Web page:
WASHINGTON -- To see the most important impact of the Democrats' attacks on Mitt Romney's career at Bain Capital, look no further than how the presumptive Republican nominee for president is doing with women voters in swing states, particularly Ohio.

Romney trails President Barack Obama among women voters in Ohio, with 40 percent to Obama's 52 percent, and is even further behind when it comes to personal favorability, according to a poll released Monday night by Purple Strategies, a D.C. based influence and communications shop.

Ohio women surveyed have an overwhelmingly negative view of Romney: 56 percent view him unfavorably and 32 percent view him favorably. Their feelings about Obama are mixed, but he has a slight positive advantage, with 48 percent favorability ranking among women voters to 47 percent unfavorable.

Compare those numbers to male voters in Ohio: 51 percent of men in the Purple Poll prefer Romney for president, compared to 43 percent who are for Obama. Romney has a 43 favorable and 42 percent unfavorable rating with Ohio men, while Obama has a 43 percent favorable and 52 percent unfavorable rating.

Overall, Obama leads Romney in the topline state number 48 percent to 45 percent. And it's clear that Obama's edge comes largely from those female voters.

"A gender gap exists, showing up most strongly in Ohio," according to Purple's polling summary.

In addition to Ohio, Purple released a set of monthly numbers for three other key swing states: Virginia, Florida and Colorado.

The average across all four states, when broken down by gender, looks similar to Ohio. Romney has a 47/45 percent favorable/unfavorable advantage with men, while 55 percent of men view Obama favorably and only 41 percent view him favorably. But 50 percent of women view Obama favorably and 45 percent view him unfavorably, while 52 percent are unfavorable toward Romney and only 37 percent are favorable.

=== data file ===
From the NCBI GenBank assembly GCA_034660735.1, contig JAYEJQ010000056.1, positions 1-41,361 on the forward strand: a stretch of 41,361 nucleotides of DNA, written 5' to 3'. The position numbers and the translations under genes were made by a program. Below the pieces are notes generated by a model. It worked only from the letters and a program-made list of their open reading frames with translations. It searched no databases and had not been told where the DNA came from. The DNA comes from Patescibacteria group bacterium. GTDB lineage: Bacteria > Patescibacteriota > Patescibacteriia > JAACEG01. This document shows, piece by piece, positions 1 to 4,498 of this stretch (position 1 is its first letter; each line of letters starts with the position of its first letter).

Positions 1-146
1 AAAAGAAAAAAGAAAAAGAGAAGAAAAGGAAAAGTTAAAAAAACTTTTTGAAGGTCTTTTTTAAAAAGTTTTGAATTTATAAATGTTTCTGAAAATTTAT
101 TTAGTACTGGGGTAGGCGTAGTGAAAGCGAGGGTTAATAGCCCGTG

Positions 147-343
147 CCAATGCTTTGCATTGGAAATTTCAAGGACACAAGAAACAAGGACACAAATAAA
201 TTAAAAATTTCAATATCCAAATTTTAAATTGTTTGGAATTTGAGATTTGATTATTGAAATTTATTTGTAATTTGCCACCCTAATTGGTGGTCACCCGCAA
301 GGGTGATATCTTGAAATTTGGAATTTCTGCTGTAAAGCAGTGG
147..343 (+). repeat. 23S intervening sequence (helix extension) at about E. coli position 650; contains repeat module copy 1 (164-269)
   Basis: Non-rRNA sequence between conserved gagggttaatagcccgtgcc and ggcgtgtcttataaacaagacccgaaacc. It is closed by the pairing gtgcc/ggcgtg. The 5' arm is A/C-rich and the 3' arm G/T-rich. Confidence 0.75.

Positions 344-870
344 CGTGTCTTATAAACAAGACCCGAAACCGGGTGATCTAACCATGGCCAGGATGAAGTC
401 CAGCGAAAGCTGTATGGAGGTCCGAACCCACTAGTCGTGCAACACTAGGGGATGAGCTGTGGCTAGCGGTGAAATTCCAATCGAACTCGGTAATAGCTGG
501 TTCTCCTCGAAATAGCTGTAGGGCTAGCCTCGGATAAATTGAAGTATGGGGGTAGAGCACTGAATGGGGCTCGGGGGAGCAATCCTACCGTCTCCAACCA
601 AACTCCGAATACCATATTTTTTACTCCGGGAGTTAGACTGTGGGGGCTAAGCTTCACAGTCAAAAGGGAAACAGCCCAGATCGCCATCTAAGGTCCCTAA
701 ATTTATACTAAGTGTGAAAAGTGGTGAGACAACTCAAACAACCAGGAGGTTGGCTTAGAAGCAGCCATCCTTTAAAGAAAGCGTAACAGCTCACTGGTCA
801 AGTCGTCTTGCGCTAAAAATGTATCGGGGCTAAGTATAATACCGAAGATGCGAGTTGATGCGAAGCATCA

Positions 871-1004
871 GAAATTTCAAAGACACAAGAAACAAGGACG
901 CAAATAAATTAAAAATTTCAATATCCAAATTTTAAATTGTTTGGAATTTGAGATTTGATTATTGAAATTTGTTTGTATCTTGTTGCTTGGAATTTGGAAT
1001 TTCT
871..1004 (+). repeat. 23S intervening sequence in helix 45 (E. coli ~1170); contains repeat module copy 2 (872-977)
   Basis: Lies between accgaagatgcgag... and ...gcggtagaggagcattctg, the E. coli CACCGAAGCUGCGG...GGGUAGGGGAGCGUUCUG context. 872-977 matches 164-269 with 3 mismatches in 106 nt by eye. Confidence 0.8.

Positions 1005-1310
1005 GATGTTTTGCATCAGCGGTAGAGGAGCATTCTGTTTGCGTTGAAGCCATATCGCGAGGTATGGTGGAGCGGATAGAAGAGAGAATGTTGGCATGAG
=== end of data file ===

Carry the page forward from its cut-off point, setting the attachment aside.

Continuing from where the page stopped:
The Obama campaign's ads emphasizing Bain Capital's plant closings and outsourcing have a much bigger impact among women than men, Democrats say. Obama has also gone out of his way to emphasize his support for issues that are specific to women.

While Ohio voters in general are not very pleased with Obama –- he has a 46 percent approval rating and a 49 percent disapproval rating in the state -– if Democrats can drive up Romney's negatives so high that he is an unsuitable alternative to Obama, then that could be the difference between victory and defeat in a state that could decide the election.

And women voters represent the Obama campaign's best chance to do that.

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  • 99 Problems (JAY-Z)

    Eric Fehrnstrom, senior campaign adviser for Mitt Romney, <a href="http://thinkprogress.org/politics/2012/06/03/494238/fehrnstrom-shiny-objects-women/" target="_hplink">said on Sunday</a> that issues pertaining to women's reproductive rights, such as abortion and birth control, were "shiny objects" meant to distract voters from the real issues. "Mitt Romney is pro-life," he told ABC's George Stephanopoulos. "He'll govern as a pro-life president, but you're going to see the Democrats use all sorts of shiny objects to distract people's attention from the Obama performance on the economy. This is not a social issue election."